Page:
A few days ago I was visiting Mason Canyon’s blog, Thoughts in Progress and saw she’d posted on writer’s block. Mason writes for a newspaper, and she mentioned that when you’re writing articles for a periodical, you’ve at least got a format to follow for your story: who, what, when, where, why and how. Mason said, “By answering those questions it helps overcome any writer’s block I have.”
Most of the writers I know don’t have a whole lot of trouble with writer’s block. Many of us have trouble harnessing all the ideas we have and deciding whether to channel them into the current manuscript or save them for a future book.
But I think we’ve got to all have days…whether we call it writer’s block or not…that we just can’t seem to jump into our manuscript. Maybe it’s more of a hesitation.
For me, this happens for a couple of reasons:
I’m worried about screwing up an important scene. I’m not exactly sure the best way to approach the next part of the story.
For me, the only way to handle this hesitation is just to jump in and write as fast as I can without thinking about whether it’s good or bad. I’ll tell myself that it can be as bad as it wants to be…that I’ll toss it all in the trash later on if it’s really awful. Once I’ve taken the perfection pressure off myself, it's easier.
And sometimes what I’ve written is horrible. But I’ve gotten past the bad spot. And usually there’s something there—some kernel of an idea or a scrap of dialogue—that I can actually use. There’s been some good advice online recently about handling writer’s block…and even writer’s hesitation. :)
I seldom have writer’s block because every day I try to seek out something new that will spark ideas, fuel the creative engine, inspire my spirit. This is something most writers know, yet we all still need the reminder from time to time. So here it is— If you have writer’s block, learn something new (or something more) about your setting, background, or your character’s occupation. I guarantee that block will soon disintegrate.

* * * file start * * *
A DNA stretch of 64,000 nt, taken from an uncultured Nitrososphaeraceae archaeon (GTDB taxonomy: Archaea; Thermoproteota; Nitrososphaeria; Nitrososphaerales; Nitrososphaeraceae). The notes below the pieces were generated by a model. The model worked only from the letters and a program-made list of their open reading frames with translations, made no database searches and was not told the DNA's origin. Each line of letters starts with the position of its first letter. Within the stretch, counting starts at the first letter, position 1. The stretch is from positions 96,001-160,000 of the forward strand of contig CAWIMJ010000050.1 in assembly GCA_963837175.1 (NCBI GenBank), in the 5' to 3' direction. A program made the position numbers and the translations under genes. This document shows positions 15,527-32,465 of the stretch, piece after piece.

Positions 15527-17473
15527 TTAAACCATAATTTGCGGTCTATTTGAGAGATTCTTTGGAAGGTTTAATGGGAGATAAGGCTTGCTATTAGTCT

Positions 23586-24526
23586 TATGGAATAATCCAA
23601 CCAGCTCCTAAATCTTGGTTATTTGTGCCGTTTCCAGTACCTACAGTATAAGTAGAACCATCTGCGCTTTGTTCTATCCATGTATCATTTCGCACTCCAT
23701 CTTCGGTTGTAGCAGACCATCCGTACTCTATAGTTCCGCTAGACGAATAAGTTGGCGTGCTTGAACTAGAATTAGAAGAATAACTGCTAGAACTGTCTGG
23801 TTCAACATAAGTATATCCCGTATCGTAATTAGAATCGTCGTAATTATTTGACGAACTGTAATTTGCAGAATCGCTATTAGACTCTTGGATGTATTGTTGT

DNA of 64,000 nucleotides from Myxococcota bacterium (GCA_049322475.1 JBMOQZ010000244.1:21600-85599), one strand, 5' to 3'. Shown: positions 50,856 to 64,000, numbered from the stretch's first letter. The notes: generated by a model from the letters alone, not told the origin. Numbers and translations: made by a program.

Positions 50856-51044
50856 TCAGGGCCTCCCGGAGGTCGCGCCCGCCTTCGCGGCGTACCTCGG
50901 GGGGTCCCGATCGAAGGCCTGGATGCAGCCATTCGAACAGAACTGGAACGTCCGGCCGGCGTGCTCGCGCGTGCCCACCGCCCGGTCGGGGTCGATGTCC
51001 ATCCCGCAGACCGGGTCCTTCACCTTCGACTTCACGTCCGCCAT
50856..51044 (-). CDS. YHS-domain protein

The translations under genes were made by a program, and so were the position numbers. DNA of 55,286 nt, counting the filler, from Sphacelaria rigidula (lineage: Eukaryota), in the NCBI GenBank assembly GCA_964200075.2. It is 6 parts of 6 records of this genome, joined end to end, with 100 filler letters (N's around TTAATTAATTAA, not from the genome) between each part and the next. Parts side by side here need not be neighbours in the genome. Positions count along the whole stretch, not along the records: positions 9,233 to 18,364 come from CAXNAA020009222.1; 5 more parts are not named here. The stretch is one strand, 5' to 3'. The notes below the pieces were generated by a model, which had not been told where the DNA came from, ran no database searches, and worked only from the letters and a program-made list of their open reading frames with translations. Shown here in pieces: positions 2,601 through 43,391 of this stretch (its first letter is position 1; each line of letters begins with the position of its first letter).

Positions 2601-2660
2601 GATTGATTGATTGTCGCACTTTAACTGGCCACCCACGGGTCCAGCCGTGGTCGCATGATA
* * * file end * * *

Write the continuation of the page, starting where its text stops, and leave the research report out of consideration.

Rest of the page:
Roni Griffin from the Fiction Groupie blog gives pros and cons of both the “write, no matter what” side (this would be the one I fall on) and the “take a break” side.
Here’s an excerpt:
Write No Matter What: Pro:You keep yourself in the habit of writing daily even if the words aren't going to be used later on. Con: You may write a lot of words you'll have to scrap or write yourself into a corner. How many people finish Nano and say "Hey, got my 50k words, but they're all crap"?
The "Take a Break" Argument: Pro: When you take some of the pressure off, your mind can relax and work on the story issues. How many times does the answer to a block arrive while you're driving or showering? Con: All that free thinking time may lead to SNI (shiny new idea) syndrome and you may be tempted to move onto another project instead of finishing the other one.
Roni recommends a combination of the two approaches.
So how about you? Are you always flush with ideas? Do you ever have writer’s block…or writer’s hesitation?